Ligularia - Big, Bold and Beautiful!
As gardeners we are always on the lookout for that plant that will create an impact in the garden. Tall plants with showy flowers and large leaves fit the bill quite nicely and one of the best plant group that encompasses this description are the Ligularia.
There are some 150 species in the genus Ligularia, most native to the Himalayan region, China and Japan. Only a small handful are known in cultivation and these generally are quite large plants with bold spikes or sprays of brilliant yellow to orange flowers. In the wild, they grow in damp meadows and along streamsides, so the key to success is even moisture. No plant is quicker than Ligularia in letting you know when it needs water. With the slightest drought, the leaves quickly wilt.
To grow these plants to perfection choose a fertile, moist spot in the garden; they can even withstand boggy soil. They are ideal for planting behind a water feature. Full sun will result in the sturdiest plants but they can tolerate part-shade. The only problem with Ligularia is the fact that they are slug fodder! Their large, fleshy leaves are a slug favourite treat, so unless you have a strict regime for slug control, be content to have a few holes in the leaves of these plants.
Among the popular ornamental Ligularia there are three main trends in their flower presentation; tall narrow spikes; elongated cone-shaped spikes or flat-topped clusters. Ligularia are members of the Aster Family, Asteraceae, so the individual flowers are very daisy-like. The blooming period is mid to late summer. The leaves may be rounded or triangular in outline, with or without serrated margins.
Perhaps the tallest and most popular Ligularia is L. stenocephala "The Rocket. This selection can tower to over 2 m making it an imposing plant! The leaves are deep green, triangular in shape with irregularly tooth margins. The flowering stems are dark purple and contrast beautifully with the narrow yellow spikes. Individual flowers are small but several hundreds are produced per spike. Looking very similar is L. przewalskii whose leaves are more jaggedly toothed than ‘The Rocket' (and I think more attractive). The hybrid ‘Zepter' is another look-alike but has huge, lightly-toothed leaves. The species L. wilsoniana produces a narrow spike but has more rounded, shallowly-toothed leaves. If space is a consideration, you can try the newest cultivar called ‘Little Rocket' that tops at 1.2 m.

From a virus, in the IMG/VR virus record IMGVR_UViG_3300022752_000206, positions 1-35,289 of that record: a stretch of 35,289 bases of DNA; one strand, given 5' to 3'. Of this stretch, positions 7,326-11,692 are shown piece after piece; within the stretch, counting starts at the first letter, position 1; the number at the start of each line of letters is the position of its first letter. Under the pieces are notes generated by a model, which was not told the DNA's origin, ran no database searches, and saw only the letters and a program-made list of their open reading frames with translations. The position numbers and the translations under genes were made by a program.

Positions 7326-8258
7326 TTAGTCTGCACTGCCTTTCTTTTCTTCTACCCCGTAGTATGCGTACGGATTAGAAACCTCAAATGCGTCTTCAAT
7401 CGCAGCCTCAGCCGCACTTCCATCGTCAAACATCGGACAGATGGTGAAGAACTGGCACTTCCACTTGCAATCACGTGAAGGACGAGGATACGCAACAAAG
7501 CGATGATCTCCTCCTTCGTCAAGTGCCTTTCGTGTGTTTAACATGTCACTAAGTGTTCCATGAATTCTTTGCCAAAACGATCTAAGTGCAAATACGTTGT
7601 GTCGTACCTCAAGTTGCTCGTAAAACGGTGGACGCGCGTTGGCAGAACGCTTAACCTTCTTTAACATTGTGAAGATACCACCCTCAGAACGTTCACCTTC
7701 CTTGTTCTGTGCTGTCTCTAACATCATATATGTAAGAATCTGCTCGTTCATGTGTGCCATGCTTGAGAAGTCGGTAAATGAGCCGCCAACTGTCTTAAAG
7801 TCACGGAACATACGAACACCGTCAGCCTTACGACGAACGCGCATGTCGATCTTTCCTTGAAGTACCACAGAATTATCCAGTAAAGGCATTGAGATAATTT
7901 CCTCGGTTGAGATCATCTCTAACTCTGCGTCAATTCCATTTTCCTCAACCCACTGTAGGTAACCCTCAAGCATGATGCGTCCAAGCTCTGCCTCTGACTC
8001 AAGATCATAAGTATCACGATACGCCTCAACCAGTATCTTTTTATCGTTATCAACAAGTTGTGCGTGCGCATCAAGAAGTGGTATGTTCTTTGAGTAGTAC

Among the most popular of the flat-topped Ligularia is L. dentata. There are several named cultivars. All have large, rounded, somewhat cupped leaves at the end of long stalks and stout flower stems that rise to 1.2 m. They have large clearly daisy-like flowers that are golden-yellow to bright orange.'Othello' is perhaps the most popular. It has gorgeous dark purple leaves which contrast strongly with the orange-yellow flowers. Other look-alike cultivars include ‘Dark Beauty' and ‘Britt-Marie Crawford'. ‘Desdemona' is quite similar but its leaves are not as dark. ‘Sommergold' is a green-leaved cultivar. Ligularia X palmatiloba has rounded leaves that are elegantly jaggedly toothed and incised. Their flowers are similar to L. dentata but bright yellow.
Among those Ligularia with shorter, more cone-shaped spikes is L. veitchiana. This species has rounded leaves with slightly puckered edges. ‘Gregynog Gold' is a hybrid between the flat-topped L. dentata and L. veitchiana. Their flowers are also held in a more cone-shaped arrangement. Their leaves are also round and the individual flowers relatively large and golden-yellow. ‘Sungold' is another look-alike. The hybrid called L. X hessei (dentata X wilsoniana) is quite similar. There are two shorter species with cone-shaped flower clusters: L. calthifolia and L. fischeri. These both have rounded, thick-textured leaves and only reach a little over 1 m.
Some other Ligularia species/selections include L. palmatiloba, P. przwalskii, L. dentata 'Desdemona' and L. dentata 'Britt-Marie Crawford'
One last species which must be mentioned is L. tangutica. I have not grown or seen this one other than in pictures. The leaves are deeply divided, looking almost like a cut-leaved elder! The individual yellow flowers are tiny but are produced in a large plume-like spray. It must be one of the most distinct Ligularia and among the most beautiful and elegant.
For a focal point in a garden, it's hard to beat Ligularia. Even without flowers, its foliage is quite impressive. If diligent with slug control and proving enough water, you can be rewarded with healthy Ligularia, the ultimate plant for being big, bold and beautiful!
I would like to thank doss, hczone6, kell and mrporl for the use of their lovely pictures which helped complete this article.
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